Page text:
Moll Flanders by Daniel Defoe
I read this one on my Kobo and there were lots of typos but compared to that disastrous Gutenberg version of One of Ours I read a few weeks ago, it was great. It's a title I've had on my "to read" list for years and years but I've put it off because for some reason I didn't think it would be all that interesting. I don't know where I got that idea, but one night I was in need of something to read without turning on a light, and Moll Flanders was already loaded on the Kobo, so it was that or nothing. I was a nice surprise to find I had a hard time putting it down.
A few times I found the language a bit of a chore to wade through, and some of it was more detailed than I thought was absolutely necessary, but on the whole it made for some interesting reading and I'm glad I finally made the effort.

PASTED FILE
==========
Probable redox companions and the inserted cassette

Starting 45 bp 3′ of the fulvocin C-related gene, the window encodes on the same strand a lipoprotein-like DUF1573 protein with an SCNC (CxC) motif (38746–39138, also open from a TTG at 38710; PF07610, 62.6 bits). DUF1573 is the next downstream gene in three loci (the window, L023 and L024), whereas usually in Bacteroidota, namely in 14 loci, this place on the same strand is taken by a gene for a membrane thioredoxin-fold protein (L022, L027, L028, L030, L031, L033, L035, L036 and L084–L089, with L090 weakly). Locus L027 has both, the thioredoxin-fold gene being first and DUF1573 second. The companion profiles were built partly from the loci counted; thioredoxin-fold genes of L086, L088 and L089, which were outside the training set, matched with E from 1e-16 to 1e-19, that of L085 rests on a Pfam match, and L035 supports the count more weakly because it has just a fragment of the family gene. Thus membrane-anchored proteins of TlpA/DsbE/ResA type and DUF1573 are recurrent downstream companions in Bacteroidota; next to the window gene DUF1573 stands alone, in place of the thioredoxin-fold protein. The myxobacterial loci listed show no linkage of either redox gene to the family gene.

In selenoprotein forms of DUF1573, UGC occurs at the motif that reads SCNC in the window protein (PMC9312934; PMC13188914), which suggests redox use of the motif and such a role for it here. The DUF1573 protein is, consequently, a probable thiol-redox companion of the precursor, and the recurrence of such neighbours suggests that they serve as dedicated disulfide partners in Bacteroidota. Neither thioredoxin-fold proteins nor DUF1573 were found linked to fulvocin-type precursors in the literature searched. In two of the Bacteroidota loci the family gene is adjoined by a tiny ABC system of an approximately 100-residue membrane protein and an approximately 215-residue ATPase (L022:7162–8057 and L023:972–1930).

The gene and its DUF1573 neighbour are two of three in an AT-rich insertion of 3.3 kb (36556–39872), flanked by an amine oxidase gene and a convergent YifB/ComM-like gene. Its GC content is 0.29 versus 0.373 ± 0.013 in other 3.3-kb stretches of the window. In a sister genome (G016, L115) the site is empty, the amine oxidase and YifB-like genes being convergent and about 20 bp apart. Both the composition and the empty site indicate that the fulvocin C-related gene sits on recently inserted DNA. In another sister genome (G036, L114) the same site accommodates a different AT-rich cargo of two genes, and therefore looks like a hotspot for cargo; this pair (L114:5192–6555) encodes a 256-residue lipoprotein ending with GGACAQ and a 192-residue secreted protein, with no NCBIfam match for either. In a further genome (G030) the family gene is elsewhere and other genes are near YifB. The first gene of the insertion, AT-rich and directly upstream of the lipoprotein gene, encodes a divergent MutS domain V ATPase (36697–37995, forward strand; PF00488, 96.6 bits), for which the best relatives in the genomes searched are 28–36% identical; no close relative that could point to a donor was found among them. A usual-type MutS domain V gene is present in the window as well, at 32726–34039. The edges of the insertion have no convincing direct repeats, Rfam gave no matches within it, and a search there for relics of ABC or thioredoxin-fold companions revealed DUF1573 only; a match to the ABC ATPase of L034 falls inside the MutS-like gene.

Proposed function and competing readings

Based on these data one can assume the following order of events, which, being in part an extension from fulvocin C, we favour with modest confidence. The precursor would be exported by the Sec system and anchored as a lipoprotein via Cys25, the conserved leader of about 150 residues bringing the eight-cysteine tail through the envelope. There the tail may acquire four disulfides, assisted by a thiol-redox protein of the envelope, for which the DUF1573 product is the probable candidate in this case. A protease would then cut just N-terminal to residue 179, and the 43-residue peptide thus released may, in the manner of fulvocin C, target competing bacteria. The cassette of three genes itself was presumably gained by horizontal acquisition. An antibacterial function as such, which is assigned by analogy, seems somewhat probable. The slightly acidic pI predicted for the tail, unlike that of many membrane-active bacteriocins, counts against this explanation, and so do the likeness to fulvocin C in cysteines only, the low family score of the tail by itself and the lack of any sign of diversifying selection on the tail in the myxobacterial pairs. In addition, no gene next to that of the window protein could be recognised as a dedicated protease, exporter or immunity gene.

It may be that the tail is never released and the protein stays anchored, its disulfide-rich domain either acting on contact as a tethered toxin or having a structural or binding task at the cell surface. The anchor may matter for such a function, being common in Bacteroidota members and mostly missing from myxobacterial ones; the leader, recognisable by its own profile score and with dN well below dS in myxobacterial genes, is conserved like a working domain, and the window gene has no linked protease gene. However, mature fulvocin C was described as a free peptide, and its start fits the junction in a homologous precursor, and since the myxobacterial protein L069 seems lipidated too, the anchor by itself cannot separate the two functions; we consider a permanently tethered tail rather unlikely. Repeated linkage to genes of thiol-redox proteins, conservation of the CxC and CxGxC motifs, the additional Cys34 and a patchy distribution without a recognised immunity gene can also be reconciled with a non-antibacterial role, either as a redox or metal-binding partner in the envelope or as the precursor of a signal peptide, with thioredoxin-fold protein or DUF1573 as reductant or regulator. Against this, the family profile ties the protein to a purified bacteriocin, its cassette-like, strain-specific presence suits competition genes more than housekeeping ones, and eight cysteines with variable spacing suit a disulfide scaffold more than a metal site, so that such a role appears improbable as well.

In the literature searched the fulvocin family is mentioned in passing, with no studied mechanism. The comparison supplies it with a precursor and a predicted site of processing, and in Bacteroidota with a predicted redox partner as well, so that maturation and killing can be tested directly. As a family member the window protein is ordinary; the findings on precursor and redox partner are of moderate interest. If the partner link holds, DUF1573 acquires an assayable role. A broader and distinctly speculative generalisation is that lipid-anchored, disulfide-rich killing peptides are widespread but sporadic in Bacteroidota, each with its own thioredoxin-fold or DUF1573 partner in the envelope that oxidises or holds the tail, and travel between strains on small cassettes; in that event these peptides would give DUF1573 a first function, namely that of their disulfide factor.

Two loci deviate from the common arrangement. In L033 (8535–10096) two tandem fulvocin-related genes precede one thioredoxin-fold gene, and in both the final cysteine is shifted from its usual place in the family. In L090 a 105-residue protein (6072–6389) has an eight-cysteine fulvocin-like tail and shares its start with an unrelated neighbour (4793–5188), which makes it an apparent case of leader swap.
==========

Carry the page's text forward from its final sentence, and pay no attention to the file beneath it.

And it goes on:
I'm getting more reading done now than I was when Mum first went into the hospital, but I'm not putting a lot of energy into evaluating what I read, so I'm afraid my reviews are both short and shallow. I think anyone looking for opinions on a particular book might still find something helpful in them so I'll continue as is for awhile; hopefully the day will come when I'll have the time and energy to do more. Mum is doing fairly well, all things considered, but she has great difficulty walking and is exhausted all the time. Things change daily. Some days she can carry on a conversation and some days it's all she can do to say a word or two. She'll be moved from the unit she's in to geriatric rehab when a bed is available there. They'll try to get her more mobile, but at 89, with both heart and kidney failure and things changing from day to day, that's an iffy proposition. It's a wait and see what happens situation, as it has been since she first was admitted in February. For the millionth time in my life, I'm really grateful for books and the distraction, escape and relaxation they provide. What would any of us do without them?